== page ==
According to National Geographic, in 2011 Australians moved into the top five with Qatar and United Arab Emirates when it comes to our per capita ecological footprint. The per capita ecological footprint is the distributed amount of damage each person is doing to the environment.
It seems that each Australian is accountable for 28.1 tons of carbon dioxide per person per year and it is going up. The world average is four tons per person. So, per person, we are producing sevens times more CO2 than the average.
As a comparison Americans produce 19.8 tons per person per year—five times the average.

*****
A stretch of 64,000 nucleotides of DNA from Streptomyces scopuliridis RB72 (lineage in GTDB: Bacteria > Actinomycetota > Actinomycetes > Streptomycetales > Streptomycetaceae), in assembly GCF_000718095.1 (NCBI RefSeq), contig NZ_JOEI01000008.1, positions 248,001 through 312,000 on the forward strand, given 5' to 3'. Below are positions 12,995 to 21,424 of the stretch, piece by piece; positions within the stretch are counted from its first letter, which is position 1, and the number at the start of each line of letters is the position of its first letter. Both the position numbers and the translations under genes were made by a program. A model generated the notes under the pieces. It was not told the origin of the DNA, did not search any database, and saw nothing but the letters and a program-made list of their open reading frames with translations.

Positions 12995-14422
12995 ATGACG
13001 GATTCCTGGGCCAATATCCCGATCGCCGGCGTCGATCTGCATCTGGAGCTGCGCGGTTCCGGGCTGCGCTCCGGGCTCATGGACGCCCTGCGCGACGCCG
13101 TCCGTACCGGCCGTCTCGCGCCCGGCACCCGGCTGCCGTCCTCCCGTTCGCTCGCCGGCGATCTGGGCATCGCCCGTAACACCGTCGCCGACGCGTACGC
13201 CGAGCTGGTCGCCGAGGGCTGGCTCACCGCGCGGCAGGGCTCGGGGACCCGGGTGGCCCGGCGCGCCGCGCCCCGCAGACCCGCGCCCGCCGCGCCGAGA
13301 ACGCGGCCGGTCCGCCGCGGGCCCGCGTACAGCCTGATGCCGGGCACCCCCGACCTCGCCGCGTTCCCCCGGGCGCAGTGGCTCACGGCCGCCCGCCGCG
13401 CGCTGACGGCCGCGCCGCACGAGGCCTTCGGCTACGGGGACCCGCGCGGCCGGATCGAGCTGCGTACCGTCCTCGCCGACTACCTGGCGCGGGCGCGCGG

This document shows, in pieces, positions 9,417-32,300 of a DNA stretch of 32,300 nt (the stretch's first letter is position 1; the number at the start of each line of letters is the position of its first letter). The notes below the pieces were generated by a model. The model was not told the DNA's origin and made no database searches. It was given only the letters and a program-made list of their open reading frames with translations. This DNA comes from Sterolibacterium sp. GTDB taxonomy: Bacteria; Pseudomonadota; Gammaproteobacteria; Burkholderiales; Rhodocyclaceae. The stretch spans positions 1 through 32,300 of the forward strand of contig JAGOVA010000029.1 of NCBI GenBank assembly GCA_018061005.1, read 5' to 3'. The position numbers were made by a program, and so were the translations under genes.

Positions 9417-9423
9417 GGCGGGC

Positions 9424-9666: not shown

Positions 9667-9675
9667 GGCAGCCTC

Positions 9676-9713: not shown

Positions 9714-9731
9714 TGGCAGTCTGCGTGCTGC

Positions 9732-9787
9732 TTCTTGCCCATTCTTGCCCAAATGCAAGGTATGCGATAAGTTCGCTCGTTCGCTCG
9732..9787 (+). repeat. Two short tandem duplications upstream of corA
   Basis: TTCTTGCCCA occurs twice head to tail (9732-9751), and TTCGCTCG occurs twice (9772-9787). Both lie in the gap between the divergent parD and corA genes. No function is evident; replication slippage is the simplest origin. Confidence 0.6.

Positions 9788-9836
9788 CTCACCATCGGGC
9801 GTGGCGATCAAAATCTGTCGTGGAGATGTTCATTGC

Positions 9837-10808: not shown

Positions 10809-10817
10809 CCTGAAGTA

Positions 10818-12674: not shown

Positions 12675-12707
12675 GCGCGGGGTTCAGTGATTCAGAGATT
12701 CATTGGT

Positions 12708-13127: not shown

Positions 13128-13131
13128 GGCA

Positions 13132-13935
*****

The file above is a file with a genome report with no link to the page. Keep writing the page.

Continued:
The Chinese produce only 4.5 tons per person but as there are so many of them this still manages to make them the highest overall carbon dioxide polluter in the world; followed in second place overall by the USA.
On top of this us Australian’s require 753,000 square feet of pasture land to produce the food consumed by one person which is, according to National Geographic, four times what is available on average per person around the world for the production of food.
This makes me feel a little guilty as I travel 180 kilometres down and back to where I work each week—going down on the Monday and coming back, usually (but not always), on the Thursday. But then if I worked in the city that is a 35 kilometre trip so that works out to 350 kilometres and half of that run would be stop/start peak-hour city crawl traffic. So working in the city would probably produce way more pollution than a 110 kph (about 65 mph) drive on a country highway.